Duterte to meet lawmakers before martial law expires
MANILA, Philippines – Leaders of the 17th Congress and selected administration-allied senators and lawmakers will meet with President Rodrigo Duterte on Monday, July 17.
Among those confirmed to go are Senate President Aquilino Pimentel III, Senate Majority Leader Vicente Sotto III, Speaker Pantaleon Alvarez, House Majority Leader Rodolfo Fariñas, and House Minority Leader Danilo Suarez.
Majority senators and selected lawmakers from the House committee on peace, reconciliation, and unity have been invited to the meeting as well. The meeting is scheduled at around 6:30 pm on Monday.
While no specific agenda was specified by Malacañang, sources privy to the meeting believe the President will discuss martial law in Mindanao as well as the proposed Bangsamoro Basic Law (BBL).
Pimentel previously told reporters that the BBL is the official agenda of the meeting. But he said the martial law declaration in Mindanao will likely be tackled, too.
In fact, the Office of the President sent invitations to the same set of legislators to attend the turnover ceremony of the newly drafted BBL by the Bangsamoro Transition Commission (BTC). This will happen about an hour before Duterte's meeting with the lawmakers.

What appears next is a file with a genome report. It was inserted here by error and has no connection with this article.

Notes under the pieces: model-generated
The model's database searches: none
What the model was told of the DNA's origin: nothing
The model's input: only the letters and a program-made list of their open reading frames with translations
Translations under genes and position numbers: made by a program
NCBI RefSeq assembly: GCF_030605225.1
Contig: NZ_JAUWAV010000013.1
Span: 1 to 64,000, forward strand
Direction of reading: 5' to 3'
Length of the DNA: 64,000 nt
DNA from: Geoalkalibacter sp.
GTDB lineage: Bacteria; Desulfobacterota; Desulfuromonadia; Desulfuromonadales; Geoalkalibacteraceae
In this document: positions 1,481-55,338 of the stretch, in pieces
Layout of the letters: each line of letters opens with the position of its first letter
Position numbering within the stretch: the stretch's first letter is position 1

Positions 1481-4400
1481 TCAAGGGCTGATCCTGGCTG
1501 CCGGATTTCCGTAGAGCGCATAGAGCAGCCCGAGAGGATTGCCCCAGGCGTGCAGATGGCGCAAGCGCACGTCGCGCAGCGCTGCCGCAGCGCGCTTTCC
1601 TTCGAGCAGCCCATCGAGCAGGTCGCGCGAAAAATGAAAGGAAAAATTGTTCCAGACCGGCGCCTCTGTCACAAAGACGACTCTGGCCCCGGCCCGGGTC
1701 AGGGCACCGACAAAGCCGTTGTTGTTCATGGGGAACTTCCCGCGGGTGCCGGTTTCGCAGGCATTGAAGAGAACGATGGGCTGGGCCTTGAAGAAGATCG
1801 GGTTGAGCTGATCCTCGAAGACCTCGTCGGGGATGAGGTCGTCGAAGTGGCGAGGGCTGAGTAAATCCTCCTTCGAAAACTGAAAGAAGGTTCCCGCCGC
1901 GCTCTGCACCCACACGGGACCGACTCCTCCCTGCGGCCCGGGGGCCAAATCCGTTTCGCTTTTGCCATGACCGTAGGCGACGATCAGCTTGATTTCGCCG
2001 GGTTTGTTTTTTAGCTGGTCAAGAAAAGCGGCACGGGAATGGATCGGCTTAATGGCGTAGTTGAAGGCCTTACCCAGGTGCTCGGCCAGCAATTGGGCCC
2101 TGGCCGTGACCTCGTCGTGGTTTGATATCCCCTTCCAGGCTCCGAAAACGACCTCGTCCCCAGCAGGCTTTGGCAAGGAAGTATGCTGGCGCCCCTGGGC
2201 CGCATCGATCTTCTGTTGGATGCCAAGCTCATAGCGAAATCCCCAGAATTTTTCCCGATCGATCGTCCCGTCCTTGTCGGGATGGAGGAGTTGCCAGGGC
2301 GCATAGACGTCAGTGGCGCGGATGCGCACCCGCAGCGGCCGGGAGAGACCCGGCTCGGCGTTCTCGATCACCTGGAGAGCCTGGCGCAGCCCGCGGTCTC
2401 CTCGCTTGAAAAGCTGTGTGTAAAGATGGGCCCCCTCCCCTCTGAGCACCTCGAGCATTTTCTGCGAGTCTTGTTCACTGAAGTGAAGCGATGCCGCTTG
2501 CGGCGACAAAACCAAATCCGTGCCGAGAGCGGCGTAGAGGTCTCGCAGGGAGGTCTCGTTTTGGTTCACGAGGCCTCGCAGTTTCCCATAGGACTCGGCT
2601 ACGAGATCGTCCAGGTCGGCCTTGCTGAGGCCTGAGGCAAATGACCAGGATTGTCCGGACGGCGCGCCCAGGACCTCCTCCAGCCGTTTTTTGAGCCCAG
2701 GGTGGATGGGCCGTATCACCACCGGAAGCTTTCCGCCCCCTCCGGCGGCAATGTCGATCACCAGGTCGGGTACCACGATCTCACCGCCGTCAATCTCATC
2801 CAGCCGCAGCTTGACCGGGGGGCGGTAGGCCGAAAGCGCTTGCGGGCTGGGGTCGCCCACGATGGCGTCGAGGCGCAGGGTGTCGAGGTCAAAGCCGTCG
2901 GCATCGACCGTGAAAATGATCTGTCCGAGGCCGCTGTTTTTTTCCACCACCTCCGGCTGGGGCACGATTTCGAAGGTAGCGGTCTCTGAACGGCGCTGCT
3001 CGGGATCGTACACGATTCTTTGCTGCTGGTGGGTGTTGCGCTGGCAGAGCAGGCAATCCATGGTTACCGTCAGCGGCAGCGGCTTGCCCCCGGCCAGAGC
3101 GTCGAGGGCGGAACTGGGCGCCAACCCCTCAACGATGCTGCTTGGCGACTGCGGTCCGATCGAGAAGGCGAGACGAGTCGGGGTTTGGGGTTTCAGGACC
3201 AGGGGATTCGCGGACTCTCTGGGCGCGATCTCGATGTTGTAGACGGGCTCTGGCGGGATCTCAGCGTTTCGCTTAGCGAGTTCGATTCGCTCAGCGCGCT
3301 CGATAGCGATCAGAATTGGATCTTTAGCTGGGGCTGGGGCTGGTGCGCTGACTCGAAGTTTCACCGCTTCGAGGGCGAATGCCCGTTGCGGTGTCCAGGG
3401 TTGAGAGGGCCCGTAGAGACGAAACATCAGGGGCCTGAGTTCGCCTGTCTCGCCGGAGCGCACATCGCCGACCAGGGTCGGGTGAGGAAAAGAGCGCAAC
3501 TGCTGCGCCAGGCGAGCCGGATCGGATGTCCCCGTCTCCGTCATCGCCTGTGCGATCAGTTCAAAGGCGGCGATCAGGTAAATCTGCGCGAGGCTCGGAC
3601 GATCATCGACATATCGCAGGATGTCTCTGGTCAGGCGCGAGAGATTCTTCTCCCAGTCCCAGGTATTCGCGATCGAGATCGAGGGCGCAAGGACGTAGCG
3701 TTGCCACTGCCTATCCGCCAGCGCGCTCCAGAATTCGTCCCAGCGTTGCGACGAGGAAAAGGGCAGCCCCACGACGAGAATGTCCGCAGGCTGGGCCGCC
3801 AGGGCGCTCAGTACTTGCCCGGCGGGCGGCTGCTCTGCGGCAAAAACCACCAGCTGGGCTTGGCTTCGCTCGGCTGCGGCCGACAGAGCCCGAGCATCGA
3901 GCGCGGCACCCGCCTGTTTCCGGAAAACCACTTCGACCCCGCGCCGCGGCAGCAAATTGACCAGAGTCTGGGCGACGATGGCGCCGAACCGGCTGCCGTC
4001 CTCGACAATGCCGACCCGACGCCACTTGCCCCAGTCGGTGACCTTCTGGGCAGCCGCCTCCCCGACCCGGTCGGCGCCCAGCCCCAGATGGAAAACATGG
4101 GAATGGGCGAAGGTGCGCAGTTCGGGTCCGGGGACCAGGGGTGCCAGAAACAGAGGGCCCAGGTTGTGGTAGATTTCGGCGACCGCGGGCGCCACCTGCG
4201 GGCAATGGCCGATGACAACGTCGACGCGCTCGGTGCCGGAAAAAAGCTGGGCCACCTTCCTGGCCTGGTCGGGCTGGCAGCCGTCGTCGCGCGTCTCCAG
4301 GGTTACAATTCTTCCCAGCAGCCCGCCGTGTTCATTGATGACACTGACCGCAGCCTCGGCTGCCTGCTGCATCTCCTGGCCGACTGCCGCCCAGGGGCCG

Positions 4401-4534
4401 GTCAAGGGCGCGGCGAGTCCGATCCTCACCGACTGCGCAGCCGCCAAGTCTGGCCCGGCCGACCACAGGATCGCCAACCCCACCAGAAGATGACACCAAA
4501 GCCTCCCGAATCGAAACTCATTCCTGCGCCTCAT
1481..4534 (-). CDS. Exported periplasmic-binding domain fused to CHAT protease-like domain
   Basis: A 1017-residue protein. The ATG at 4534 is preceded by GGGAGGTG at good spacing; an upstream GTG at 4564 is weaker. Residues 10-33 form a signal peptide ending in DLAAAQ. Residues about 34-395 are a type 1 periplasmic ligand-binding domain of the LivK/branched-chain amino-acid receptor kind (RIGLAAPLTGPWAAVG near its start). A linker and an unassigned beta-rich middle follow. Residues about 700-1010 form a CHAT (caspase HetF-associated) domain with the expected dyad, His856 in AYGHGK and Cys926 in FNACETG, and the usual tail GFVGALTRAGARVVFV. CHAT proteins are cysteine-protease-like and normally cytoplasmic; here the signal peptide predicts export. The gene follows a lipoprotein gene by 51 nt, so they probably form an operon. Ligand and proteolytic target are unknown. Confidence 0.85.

Duterte had created the BTC late last year to make an "improved version" of the BBL.
The President's meeting with the lawmakers comes 5 days before his declaration of martial law in Mindanao is set to expire on July 22.
On May 23, Duterte declared martial law in Mindanao after government troops clashed with homegrown terrorists from the Maute Group and Abu Sayyaf Group in Marawi City.
The 1987 Constitution allows the President to declare martial law for a period of 60 days only. Any extension needs approval from both houses of Congress.
Alvarez, Davao del Norte 1st district representative, said he will push for martial law to be extended until the end of Duterte's term in 2022.
The chiefs of the Armed Forces of the Philippines and the Philippine National Police said they are likely to recommend the extension of martial law as well. But the military believes Alvarez's proposal may be "too long." – Rappler.com